Copyright Directive in Europe: What does this mean?


Copyright Directive: The European Parliament voted one new set of intellectual property regulations, which upset them activists of digital rights. Activists fear that new regulations will make it harder to distribute content and create new censorship mechanisms on the Internet.Copyright Directive

The Copyright Directive is not yet complete, but is the subject of "tripartite negotiations" between the EU countries, represented by the Council of the European Union, the European Commission and Parliament. The resulting regulations will have to be re-adopted by the European Parliament before they can enter into force.

However, the vote on Wednesday means that many of the controversial parts of the regulation, which are about publisher rights and upload filters, are likely to remain.

What articles are we talking about? Let's take a look:

Copyright Directive Article 11

Article 11 will give new e-news publishers a new right: if anyone even duplicates a small piece of text from an article, they will need permission. The big target here, of course, is Google News, and it's assumed that Google will pay publishers to reproduce the titles of their articles.

This idea, known in law as "ancillary copyright", has been tried before, with disastrous consequences. The term and law originated in Germany, where major media companies pushed the government for a new ancillary copyright law that was finally passed five years ago.

At that time, Google News included not only titles but also larger pieces of articles. As soon as the new law came into force, publishers began filing lawsuits against Google for licensing fees. Google reacted and stopped reproducing snippets of articles. So the lawsuits collapsed quickly, giving Google a temporary discharge. Years later, and despite ongoing legal disputes, Google has not paid anything.

In Spain, major publishers have called on the government to vote for even tougher copyright laws. This time, as a response, Google just shut down Google News services in the country.

The result was of course disastrous for small Spanish publishers based on Google News. Also small local news collectors did not have the money to pay.

Despite the above experiences from Germany and Spain, last year the European Commissioner for Copyright decided to try to introduce ancillary copyright throughout the EU. So we came to Wednesday's resolution allowing free movement URLs accompanied by "individual words" and no longer with snippets of text such as whole titles.

If the Copyright Directive eventually passes with 11 as it is at the moment, Google could close Google News across the EU. The only thing that will of course benefit will be great news publishers are based on the recognition of their domain in their domestic markets.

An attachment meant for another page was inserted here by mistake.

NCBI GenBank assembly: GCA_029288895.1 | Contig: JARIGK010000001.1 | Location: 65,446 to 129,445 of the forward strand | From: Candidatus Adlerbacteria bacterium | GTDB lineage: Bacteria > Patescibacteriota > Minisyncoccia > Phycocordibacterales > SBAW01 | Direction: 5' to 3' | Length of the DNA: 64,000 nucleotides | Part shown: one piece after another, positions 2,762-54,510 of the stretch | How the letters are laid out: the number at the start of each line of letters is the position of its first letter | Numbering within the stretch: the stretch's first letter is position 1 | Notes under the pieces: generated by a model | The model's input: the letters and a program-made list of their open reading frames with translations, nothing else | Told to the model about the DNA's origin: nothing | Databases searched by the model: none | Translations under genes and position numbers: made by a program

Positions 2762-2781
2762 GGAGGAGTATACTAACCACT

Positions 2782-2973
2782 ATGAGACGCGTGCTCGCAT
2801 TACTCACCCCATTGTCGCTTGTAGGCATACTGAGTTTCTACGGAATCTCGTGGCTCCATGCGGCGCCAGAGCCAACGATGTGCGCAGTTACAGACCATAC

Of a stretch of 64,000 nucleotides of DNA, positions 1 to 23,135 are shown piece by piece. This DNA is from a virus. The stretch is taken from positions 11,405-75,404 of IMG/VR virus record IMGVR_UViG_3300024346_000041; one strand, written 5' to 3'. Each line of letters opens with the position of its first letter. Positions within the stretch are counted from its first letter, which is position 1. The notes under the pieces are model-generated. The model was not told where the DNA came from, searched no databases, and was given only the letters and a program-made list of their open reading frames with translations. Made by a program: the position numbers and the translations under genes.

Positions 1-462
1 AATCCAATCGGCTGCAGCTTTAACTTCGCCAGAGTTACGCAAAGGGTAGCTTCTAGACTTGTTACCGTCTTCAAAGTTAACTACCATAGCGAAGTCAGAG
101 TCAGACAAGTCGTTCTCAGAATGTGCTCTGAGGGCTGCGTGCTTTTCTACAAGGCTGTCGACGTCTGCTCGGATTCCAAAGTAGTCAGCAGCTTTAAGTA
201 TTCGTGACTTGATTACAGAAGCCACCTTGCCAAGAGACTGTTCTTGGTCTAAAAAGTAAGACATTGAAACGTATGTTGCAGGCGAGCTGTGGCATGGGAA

This is how competition is based on freedom of information traffic on the Internet.

Copyright Directive Article 13

Article 13 will affect all online services that host and promote content produced by the user. In short, if this content infringes one's copyright, the platform will be responsible for its distribution.

This means that platforms of all kinds will be required to use filters to stop their users from loading things they should not.

2016, Google said it had spent 60 million dollars to develop such a system. The system searches for digital copyrighted tracks by assigning a Content ID to any known work. However, as it was discovered during the upload of innocent videos, Content ID does not work perfectly. Various YouTube submissions were inadvertently rejected for copyright infringement. A typical example of one 10oor white noise video and the recordings of a prominent British pianist who he was playing Bach's works.

Copyright Directive: Regular Lobby

Although large technology companies are almost unanimous in the new regulation, the big media do not. But many are also those who believe that this particular movement is orchestrated by her Big Tech.

There is a dose of truth in it. The Financial Times they said that Google has tried to approach publishers with a program that finances the development of new online media models to put pressure on Members of the European Parliament (Members) for the new regulation.

However, Google may benefit from the Intellectual Property Directive. It has the resources to pay for filtering systems that the smaller rival companies can not afford.

Also, if he has to end Google News in Europe, he will do it without hesitation, despite paying billions to thousands of publishers.
Of course many questions are created with all of the above. Possession of information and its distribution (as appropriate) is characteristic of repressive regimes. On the other hand, who can guarantee that even the big technology companies use this power with transparency? The examples which we have lately told us the opposite.

The final stage of the battle (last vote of the European Parliament) on the Copyright Directive is likely to take place in spring, shortly before parliamentary elections.

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